How do we first begin to experience love? Perhaps as babies, as early psychoanalysts Fairbairn and Guntrip believed, the only way we could feel loved was by having our needs met. The language of bodily transformation was the language of love. Mommy feeds us, changes our diaper or picks us up and we feel satisfied. This feeling of satisfaction and security may be the early equivalent to feeling loved. Love becomes represented by how satisfied and safe our caretakers make us feel; how easily and well they transform our bad feelings into good ones. As a result, I believe that we continue throughout life believing on a primal level that our loved ones show us that they love us by meeting our needs, and as a result, how well they meet our needs indicates how lovable we are. This is the way we reason, early in life.
Do you ever feel hunger, craving or yearning gnawing at your soul? I do and I know many others who do as well. The “condition” may noiselessly exist, only subtly tinting our lens of experience. Oftentimes though this hunger is the loud and demanding engine that drives our lives so that we are always craving, reaching and suffering. Buddhism even has a whole realm of existence dedicated to this concept: the realm of the hungry ghost. Hungry ghosts are depicted as having large stomachs and extremely constricted throats, disabling their abilities to take in nourishment, and eternally sentencing them to unsatisfied and insatiable craving and longing. Psychoanalysts W. Ronald D. Fairbairn and Harry Guntrip also addressed the dialectical relationship between longing and fear, and our tendencies to adhesively attach ourselves to unsatisfying relationships and actions, making it impossible to trust and take in true nourishment. We are born with a powerful and healthy life force that drives us toward human connection. Through early disappointment and trauma, this healthy force becomes twisted into insatiable desire and craving and we replace healthy connections (with both ourselves and others) with activities and relationships that quickly soothe the pain, but do not transform it. If you feel this way, you are not alone. According to Lama Surya Das, when a student asked Thich Nhat Hanh, “What is life like in the realm of the hungry ghosts?”, he replied, “America”. Turn on your television, open a magazine or start-up your computer and you will see all the shiny remedies to your pain and loneliness.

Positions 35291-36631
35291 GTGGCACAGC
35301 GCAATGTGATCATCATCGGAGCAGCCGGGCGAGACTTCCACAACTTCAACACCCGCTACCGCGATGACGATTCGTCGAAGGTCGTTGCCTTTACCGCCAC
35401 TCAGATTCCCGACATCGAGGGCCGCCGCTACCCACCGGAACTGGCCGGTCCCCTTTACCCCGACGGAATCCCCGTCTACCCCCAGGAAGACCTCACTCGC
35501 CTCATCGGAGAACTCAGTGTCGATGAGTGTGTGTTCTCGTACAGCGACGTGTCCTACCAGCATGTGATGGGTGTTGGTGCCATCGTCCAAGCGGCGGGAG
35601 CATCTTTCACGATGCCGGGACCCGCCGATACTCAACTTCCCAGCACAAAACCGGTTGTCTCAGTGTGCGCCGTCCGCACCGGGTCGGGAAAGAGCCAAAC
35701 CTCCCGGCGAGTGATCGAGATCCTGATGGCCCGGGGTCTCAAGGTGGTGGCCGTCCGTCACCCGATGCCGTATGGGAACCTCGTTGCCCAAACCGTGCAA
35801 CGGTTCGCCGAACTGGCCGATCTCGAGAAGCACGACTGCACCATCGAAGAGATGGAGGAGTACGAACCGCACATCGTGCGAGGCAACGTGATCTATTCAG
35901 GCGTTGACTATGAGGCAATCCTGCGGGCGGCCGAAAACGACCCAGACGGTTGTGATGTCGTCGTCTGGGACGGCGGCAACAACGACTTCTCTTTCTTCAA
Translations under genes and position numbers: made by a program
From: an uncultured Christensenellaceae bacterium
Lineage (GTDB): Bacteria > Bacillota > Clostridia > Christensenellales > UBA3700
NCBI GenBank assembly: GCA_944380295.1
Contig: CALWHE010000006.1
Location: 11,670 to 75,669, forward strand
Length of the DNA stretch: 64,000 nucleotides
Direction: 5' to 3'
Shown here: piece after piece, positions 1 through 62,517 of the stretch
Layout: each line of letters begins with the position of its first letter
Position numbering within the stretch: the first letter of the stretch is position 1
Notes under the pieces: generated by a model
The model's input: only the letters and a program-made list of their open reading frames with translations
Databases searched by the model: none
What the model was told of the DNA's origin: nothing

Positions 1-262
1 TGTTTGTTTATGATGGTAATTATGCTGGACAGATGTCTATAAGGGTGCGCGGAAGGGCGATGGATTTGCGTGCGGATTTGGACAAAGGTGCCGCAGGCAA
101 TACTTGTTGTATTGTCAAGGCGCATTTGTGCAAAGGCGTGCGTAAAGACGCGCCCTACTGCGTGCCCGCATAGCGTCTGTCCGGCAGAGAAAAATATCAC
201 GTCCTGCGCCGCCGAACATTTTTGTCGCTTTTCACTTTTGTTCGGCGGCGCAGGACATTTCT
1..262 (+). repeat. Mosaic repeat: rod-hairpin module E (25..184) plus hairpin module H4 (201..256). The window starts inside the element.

To preface, I am not Anthony Weiner’s psychotherapist, psychologist, psychoanalyst, or hypnotist, but I thought it would be interesting to explore some of the facets of this mega faux pas and use this event as a “teachable moment”, a way of exploring psychological ideas.
Now, I do not know Congressman Weiner, so I don’t profess to know AT ALL, what was and is going through his mind. Even if I did know him, I’m sure there is such a panoply of potential explanations and rationalizations for his behavior that we could theorize for days and weeks and months, and still not know. Any understanding of his psyche will only occur within the private and secure bounds of his own therapy, painstakingly discovered through a dedicated and authentic process. We will never know. Hopefully he will articulate, for himself, a narrative that will help him express and rework these longings, fears and compulsions. I don’t know him, and I am not trying to figure him out– my friends and patients will tell you that I tend to believe it is a futile exercise to make any attempt to decode the meaning of a another man’s behavior. Let’s just use our imaginations and play and try to learn about how the mind works.